I wanted to give a shout out to science journalist Keith Kloor's post today on his blog Collide-a-Scape which takes a serious look at the subject of reporting on GM crops. Or perhaps I should call it a critical look as the post is titled, "When Bad News Stories Help Bad Science Go Viral."
I'm an admirer of Kloor's work as a science writer. He's a former editor at Audubon magazine and a freelancer for publications ranging from Science to Slate. He's also an adjunct journalism instructor at New York University. He's smart, thoughtful and thorough. And his blog, where he occasionally muses on issues in science reporting, exemplifies those same qualities as well.
This particular piece focuses on a recent study in Environmental Sciences Europe which suggests that the use of herbicide-resistant GM crops has led to an increase in the use of agricultural chemicals – rather than the predicted decrease – because it has also fostered the development of herbicide-resistant weeds. The study was first reported by Carey Gillam at Reuters and widely circulated, as Kloor notes.
But as he also notes, the only scientist interviewed happens to be the author of the study (Monsanto was contacted and declined to comment as without seeing the data). No other researchers are cited in the piece. Further, the story fails to mention that said author, Charles Benbrook of Washington State University is also chief scientist for a Colorado center that promotes organic food. Or that Benbrook has been previously criticized for being biased against GM crops.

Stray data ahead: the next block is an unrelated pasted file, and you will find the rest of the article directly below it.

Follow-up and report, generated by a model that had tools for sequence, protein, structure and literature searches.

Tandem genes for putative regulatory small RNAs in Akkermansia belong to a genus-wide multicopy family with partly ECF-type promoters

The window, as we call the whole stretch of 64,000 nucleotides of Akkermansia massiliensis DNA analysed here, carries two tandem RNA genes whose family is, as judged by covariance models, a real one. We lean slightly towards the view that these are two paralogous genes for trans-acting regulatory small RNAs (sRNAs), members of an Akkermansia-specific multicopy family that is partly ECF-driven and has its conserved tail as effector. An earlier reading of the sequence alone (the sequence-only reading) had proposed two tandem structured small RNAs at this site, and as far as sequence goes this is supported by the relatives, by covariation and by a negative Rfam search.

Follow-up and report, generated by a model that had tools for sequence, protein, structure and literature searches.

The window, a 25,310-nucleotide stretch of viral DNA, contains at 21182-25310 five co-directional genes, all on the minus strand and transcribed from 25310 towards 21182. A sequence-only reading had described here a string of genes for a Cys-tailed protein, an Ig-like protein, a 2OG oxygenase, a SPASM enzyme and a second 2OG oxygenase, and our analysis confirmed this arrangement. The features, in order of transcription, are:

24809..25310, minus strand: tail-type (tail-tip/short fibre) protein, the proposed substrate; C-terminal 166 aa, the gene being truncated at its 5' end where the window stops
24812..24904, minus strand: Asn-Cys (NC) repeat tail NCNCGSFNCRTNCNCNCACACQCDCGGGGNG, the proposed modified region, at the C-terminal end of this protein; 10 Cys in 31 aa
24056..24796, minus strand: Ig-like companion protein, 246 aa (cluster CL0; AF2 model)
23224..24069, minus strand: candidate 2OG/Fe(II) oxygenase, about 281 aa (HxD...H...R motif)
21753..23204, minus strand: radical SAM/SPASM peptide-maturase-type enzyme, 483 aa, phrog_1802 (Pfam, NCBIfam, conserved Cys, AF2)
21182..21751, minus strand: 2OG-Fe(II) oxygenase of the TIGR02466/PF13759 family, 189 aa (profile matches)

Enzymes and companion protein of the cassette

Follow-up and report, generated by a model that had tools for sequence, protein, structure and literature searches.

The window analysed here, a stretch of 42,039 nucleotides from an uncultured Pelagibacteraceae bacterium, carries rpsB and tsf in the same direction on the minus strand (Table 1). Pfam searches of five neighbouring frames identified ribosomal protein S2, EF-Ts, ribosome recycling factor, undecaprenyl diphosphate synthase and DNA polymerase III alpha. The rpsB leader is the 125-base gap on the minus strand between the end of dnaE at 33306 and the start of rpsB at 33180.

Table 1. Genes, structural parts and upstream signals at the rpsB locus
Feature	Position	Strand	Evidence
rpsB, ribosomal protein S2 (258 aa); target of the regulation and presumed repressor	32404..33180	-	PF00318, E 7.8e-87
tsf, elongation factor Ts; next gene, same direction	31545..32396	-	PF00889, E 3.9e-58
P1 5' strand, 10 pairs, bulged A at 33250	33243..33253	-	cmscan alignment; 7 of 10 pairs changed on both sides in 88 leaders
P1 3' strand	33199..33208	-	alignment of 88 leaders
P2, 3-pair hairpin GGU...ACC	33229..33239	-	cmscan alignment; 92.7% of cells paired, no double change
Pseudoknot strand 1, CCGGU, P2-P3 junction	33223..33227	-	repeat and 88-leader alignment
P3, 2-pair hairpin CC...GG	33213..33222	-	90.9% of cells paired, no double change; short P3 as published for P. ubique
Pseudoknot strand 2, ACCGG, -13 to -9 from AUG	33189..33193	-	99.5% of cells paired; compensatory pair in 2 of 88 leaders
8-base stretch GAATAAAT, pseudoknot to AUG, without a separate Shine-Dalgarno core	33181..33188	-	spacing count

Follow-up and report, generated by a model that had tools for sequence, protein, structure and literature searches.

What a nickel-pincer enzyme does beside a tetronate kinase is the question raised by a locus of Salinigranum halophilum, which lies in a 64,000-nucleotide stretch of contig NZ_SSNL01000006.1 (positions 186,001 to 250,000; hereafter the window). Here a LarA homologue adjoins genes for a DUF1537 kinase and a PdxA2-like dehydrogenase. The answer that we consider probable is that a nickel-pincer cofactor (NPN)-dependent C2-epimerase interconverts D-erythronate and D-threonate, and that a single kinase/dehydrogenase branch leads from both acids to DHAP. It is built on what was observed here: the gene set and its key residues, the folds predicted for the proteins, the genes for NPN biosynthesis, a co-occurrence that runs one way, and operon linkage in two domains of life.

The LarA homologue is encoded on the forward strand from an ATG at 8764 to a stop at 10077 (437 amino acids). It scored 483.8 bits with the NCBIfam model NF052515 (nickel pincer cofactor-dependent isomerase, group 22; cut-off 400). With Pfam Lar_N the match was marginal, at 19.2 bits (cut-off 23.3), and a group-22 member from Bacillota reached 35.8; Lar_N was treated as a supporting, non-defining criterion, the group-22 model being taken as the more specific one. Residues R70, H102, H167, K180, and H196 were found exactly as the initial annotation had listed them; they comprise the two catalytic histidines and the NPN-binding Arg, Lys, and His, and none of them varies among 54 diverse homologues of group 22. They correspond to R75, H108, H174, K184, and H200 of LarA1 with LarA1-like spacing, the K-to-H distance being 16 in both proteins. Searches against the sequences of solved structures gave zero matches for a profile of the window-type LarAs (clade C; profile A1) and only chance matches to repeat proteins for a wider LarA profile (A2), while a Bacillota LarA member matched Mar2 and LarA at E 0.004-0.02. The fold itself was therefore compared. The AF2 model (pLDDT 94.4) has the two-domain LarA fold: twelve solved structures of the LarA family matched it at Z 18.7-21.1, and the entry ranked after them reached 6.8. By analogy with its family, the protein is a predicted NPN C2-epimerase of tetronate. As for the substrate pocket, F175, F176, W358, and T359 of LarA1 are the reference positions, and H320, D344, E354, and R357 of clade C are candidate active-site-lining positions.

"Just so we’re clear," Kloor writes. "A story making this kind of claim should not hinge entirely on the word of the scientist whose study is being reported on. It’s not good journalism."
I'm repeating this because, yes, I happen to agree with it. I've done a series of posts of my own here at the Tracker recently on the risks of single study reporting. And I do want to acknowledge that the news-event-single-study story is a fundamental part of what science journalists do. That I believe that we should report science as news. And I want to also acknowledge that journalists don't always have the time to put every story into its full scientific context.
But I would like single-study journalism so much better if we approached this work with a little caution, avoided writing a story that sounds like press release, did our best not to become mouthpieces for a single point of view. And in the digital age, it doesn't that long to add a little context or do enough homework to know when your own source may be talking with an agenda in mind.
That basic amount of homework would would have made this story – and by extension, its readers – a lot smarter on the subject of GM crops, not to mention on the subject of scientists at work.